Evil Can Be Cute

The Morality of 'Warp'

by Nick Dinicola

2 March 2012

I acted like a monster, and the world treated me as one. Why was this surprising?
 

This post contains spoilers for each of the three endings to Warp.

Warp is a cute, challenging, and fun puzzle game. You play as a little alien who can warp a short distance. With this power, you must rescue a friend and escape the science facility where you’re being held captive and experimented on. You’re a weak creature—get shot once and it’s game over—so it helps that you can warp into people or barrels to hide… and then you can explode out of them with such a show of blood and gore that it would make the chestburster from Alien jealous.

My fist time through the game, I loved the explosion of gore. It was cathartic. The opening cut scene lets you experience the horror of live experimentation first hand; you feel the alien’s pain. Later on we see similar experiments performed on other aliens, scientists slaughter them just to see how they die, and then we’re forced to fight a fellow alien that’s been tortured to the point of insanity. These people, both the guards and the scientists, are not innocent bystanders in some large scale conspiracy. They’re out to kill you and your kind. So I killed them first. Over and over and over again.
  
Then I beat the game. The alien stepped out from a cave onto the rocky shore of an ocean. It was raining, which turned the alien grey and took away his warp ability. But this was okay, since he’s already escaped.  After all, he shouldn’t need it. Then a laser sight appeared, and he was shot in the head. That’s what I get for beating the game.

It’s a sad, frustrating ending. Going through all that work to escape, to get proper revenge, only to have the adorable alien cruelly shot down in his moment of accomplishment. I was angry that this is how the game ended, but as I watched credits and reflected on the ending, it began to make sense. I wasn’t a good person, or rather, a good alien. I was a sadistic psychopathic being that literally killed every living thing in my path. I didn’t have to kill every living thing in my path, but I did. I was a monstrous force upon this virtual world, and so the virtual world treated me as such. Why was this surprising?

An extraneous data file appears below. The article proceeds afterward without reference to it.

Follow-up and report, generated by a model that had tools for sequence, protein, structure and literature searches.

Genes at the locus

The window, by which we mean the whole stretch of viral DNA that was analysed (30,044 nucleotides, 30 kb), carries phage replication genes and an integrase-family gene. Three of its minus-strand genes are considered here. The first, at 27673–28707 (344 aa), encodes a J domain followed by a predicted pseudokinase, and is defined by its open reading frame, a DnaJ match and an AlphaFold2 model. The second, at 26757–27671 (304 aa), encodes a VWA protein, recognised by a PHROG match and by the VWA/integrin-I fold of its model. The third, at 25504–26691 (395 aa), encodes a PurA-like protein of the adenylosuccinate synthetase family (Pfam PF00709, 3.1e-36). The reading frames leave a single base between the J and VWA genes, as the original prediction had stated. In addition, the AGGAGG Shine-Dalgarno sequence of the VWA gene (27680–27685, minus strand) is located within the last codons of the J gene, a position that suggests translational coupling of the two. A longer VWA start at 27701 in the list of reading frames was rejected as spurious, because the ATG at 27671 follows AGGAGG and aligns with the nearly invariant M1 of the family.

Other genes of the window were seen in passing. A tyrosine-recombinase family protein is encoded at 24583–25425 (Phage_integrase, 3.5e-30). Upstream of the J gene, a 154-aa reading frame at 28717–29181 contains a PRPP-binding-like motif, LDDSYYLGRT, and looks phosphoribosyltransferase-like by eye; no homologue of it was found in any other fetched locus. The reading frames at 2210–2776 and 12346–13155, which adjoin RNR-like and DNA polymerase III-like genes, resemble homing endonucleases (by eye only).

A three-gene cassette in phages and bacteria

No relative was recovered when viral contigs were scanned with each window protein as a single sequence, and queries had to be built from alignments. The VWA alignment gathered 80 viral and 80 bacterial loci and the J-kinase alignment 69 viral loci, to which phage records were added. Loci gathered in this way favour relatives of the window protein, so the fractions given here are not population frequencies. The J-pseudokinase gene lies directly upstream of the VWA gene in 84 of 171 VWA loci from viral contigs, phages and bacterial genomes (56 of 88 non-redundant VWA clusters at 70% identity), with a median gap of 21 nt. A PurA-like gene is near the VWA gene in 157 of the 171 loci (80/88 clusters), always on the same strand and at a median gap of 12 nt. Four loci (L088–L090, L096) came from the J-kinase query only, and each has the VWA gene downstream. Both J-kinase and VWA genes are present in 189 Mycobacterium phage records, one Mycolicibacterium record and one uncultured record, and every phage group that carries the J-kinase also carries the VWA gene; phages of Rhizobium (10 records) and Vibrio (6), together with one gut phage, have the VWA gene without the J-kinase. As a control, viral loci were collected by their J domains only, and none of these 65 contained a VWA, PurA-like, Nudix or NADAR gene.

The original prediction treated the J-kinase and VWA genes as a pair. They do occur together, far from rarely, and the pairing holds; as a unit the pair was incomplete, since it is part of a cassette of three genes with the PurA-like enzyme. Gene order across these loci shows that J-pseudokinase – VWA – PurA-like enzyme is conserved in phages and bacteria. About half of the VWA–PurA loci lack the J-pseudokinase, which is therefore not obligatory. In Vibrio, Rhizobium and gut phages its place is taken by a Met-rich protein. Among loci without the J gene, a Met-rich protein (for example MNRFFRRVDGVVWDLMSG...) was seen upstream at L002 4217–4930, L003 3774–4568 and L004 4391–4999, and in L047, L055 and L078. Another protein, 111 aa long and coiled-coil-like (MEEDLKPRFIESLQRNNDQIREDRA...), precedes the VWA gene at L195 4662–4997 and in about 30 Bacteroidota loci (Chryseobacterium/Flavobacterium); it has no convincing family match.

Games have a habit of always justifying players’ awful actions. Every Elder Scrolls game starts out by featuring us as a prisoner so that we feel less guilty about being bad. We play criminals so often it’s cliché. We fight for revenge more often than honor. We’re always war. And within these various forms of justification is the unspoken understanding that other characters—hell, the whole virtual world—will accept your awful actions without judgment.

Warp feels especially jarring after playing Skyrim, a game full of evil choices but with no negative consequences. I slaughter a city, then bribe one guard, and suddenly no one else cares about my wanton murder. I become the leader of the Thieves Guild, a group of people who pride themselves on their avoidance of violence, while at the same time being the leader of the Dark Brotherhood of assassins. The more powerful that I become, the more evil that I become because I know that I can get away with it. I can kill a city guard with a flick of my finger. I am a monster, but everybody loves me.

Shepard can be a total ass in Mass Effect, but everyone still loves her. The same goes for the characters in Dragon Age, Fable, and nearly every other game that has “evil” choices. The only other game in recent memory that gave players a bad ending (or a bad anything for that matter) in response to their bad behavior was Bioshock. I may be forgetting something, but I honestly can’t think of a game like that from the past few years.

Games are so dedicated to pandering to the player that the world rarely reacts realistically to the monstrous things that we do—until Warp, that is. For a game with such a cute art style, it presents a deceptively complex world. The scientists may be harmless, but they’re not innocent. How do you judge someone like that when their life is in your hands?

This is a game that acknowledges the fine line between anti-hero and villain: If I kill only soldiers that shoot at me, I get an ending that portrays me as a badass killer, but not a monster.  In that ending, the soldiers force my hand and I kill to survive. Heroic? Not really. Villainous? No. However, if I kill everyone regardless of their threat level, I get an ending that treats me as the monster that I am. A soldier takes advantage of my momentary vulnerability and kills me. If I don’t kill anyone, the alien escapes to a sunny green outcropping and does a happy dance that reinforces its image as a non-violent creature. Each ending makes sense considering my actions.

Warp acknowledges my actions in a way that few other games seem to do, despite the abundance of choices those other games present. It makes me wonder, does my unique path through a story really matter if my ending is ultimately the same as yours? Which is more important in making a story feel tailored to my experience: lots of choices throughout or a few different endings?

After playing Warp and Skyrim back-to-back, I’m leaning towards the latter.

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